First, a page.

Public ports, terminal operators and steamship lines are destined to face financial pressures in 2012.
Shrinking container volumes and overcapacity are expected to depress freight rates. At the same time, double-digit increases in labor costs will have a significant adverse impact on East and Gulf coast terminals.
The overcapacity resulting from an aggressive shipbuilding program, along with dwindling cargo volumes, will force carriers to slash rates in order to compete against similarly strained colleagues. Although some carriers were suspending service on trade lanes or eliminating and consolidating services as early as last fall, the fact remains that there is too much tonnage chasing too little cargo.
The beneficiaries will be shippers, who are continually offered low rates for their business. Proposed rate increases by carriers will be negotiated down sharply or sink beneath the waves altogether as U.S. and European ports see declining demand for imports, and a consequent drop in container volume.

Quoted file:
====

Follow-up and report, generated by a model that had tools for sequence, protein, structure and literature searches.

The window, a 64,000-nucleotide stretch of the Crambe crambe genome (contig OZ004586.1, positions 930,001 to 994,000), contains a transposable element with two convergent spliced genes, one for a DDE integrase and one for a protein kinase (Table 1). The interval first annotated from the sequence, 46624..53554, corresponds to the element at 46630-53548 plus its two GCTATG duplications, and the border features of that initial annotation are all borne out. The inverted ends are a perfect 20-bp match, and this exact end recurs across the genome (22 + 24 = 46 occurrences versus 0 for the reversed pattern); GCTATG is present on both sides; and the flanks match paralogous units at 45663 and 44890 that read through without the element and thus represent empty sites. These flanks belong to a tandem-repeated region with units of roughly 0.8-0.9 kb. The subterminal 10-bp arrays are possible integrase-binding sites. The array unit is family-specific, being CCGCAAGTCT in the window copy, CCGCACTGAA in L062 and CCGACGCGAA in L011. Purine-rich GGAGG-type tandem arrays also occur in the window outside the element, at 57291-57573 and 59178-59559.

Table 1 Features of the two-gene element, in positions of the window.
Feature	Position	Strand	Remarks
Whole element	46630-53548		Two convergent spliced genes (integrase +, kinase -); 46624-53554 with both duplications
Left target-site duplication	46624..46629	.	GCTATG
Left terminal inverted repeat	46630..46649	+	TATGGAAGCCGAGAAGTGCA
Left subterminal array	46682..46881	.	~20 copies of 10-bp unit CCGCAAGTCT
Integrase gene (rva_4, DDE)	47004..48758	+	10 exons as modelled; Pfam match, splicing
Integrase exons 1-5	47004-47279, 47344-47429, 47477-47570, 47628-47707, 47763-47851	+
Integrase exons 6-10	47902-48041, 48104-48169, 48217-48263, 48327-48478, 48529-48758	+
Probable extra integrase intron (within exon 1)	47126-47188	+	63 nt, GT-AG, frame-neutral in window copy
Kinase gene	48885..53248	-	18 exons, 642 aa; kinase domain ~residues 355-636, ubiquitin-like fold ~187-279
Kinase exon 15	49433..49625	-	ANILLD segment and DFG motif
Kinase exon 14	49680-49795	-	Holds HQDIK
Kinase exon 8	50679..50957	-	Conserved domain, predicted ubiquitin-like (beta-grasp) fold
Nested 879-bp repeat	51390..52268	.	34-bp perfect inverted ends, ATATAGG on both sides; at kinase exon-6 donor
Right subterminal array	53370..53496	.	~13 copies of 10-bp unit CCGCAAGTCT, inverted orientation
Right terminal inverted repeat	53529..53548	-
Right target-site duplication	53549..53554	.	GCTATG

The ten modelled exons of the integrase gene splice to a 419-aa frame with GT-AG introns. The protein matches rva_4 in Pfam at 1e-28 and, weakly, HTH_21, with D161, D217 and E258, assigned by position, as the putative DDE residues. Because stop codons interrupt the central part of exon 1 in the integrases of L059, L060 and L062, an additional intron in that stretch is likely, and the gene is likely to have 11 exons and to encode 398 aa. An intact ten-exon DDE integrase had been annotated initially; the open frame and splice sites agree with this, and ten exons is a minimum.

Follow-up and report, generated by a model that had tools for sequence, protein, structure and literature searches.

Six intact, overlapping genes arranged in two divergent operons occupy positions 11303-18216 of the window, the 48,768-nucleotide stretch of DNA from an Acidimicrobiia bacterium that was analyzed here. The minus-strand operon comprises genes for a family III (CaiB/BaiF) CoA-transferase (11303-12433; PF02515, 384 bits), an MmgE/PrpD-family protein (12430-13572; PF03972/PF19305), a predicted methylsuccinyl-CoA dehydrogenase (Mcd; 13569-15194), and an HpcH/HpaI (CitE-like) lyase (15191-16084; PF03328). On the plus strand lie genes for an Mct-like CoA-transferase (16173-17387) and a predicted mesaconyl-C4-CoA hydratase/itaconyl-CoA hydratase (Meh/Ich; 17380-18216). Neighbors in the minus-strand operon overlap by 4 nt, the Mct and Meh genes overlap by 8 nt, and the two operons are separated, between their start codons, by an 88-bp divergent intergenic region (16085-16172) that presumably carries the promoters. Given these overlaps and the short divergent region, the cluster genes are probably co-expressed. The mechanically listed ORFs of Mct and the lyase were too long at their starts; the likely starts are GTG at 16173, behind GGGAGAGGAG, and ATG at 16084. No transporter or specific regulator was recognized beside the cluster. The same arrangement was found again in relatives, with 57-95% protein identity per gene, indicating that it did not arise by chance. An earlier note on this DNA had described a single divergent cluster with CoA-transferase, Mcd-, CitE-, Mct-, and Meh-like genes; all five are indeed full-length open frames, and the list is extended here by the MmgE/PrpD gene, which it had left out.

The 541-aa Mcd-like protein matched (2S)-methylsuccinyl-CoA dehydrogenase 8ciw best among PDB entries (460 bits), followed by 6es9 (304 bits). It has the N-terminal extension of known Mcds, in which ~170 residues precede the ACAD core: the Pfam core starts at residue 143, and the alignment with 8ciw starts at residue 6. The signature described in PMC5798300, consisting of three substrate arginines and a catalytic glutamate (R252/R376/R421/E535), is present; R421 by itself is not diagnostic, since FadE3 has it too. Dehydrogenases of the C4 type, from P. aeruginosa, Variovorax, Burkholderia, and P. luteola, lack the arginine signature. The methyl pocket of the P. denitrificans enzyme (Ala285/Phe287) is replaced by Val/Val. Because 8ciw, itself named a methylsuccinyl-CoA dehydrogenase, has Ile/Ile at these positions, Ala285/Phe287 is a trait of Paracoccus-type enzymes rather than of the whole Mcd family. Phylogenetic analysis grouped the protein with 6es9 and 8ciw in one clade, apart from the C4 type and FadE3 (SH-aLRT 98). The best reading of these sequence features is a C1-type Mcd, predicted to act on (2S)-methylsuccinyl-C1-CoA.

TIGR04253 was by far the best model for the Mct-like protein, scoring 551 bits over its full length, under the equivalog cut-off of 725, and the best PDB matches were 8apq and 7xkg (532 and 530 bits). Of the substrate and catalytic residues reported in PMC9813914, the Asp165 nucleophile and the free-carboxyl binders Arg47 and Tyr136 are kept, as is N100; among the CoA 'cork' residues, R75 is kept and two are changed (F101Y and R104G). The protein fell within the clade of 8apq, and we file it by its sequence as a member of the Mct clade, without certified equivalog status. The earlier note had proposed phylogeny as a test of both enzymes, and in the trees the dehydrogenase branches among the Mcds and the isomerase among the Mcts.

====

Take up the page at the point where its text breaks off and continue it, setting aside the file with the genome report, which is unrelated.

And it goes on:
U. S. East and Gulf coast ports in particular, will be even more challenged should labor costs rise in the upcoming negotiations for a new International Longshoremen’s Association collective bargaining agreement. Terminal operators will have to pay these increases, while carriers try to negotiate port costs downward.
Many ports still need to find capital funds to improve their terminal infrastructure so they can meet the challenges posed by ever-increasing containership sizes with deeper drafts, and the prospect of more large ships coming to Gulf and East coast ports when the new Panama Canal locks open in 2015.
During these times, ports, labor and carriers must look carefully at their costs and seek a mutually acceptable balance to weather the storm.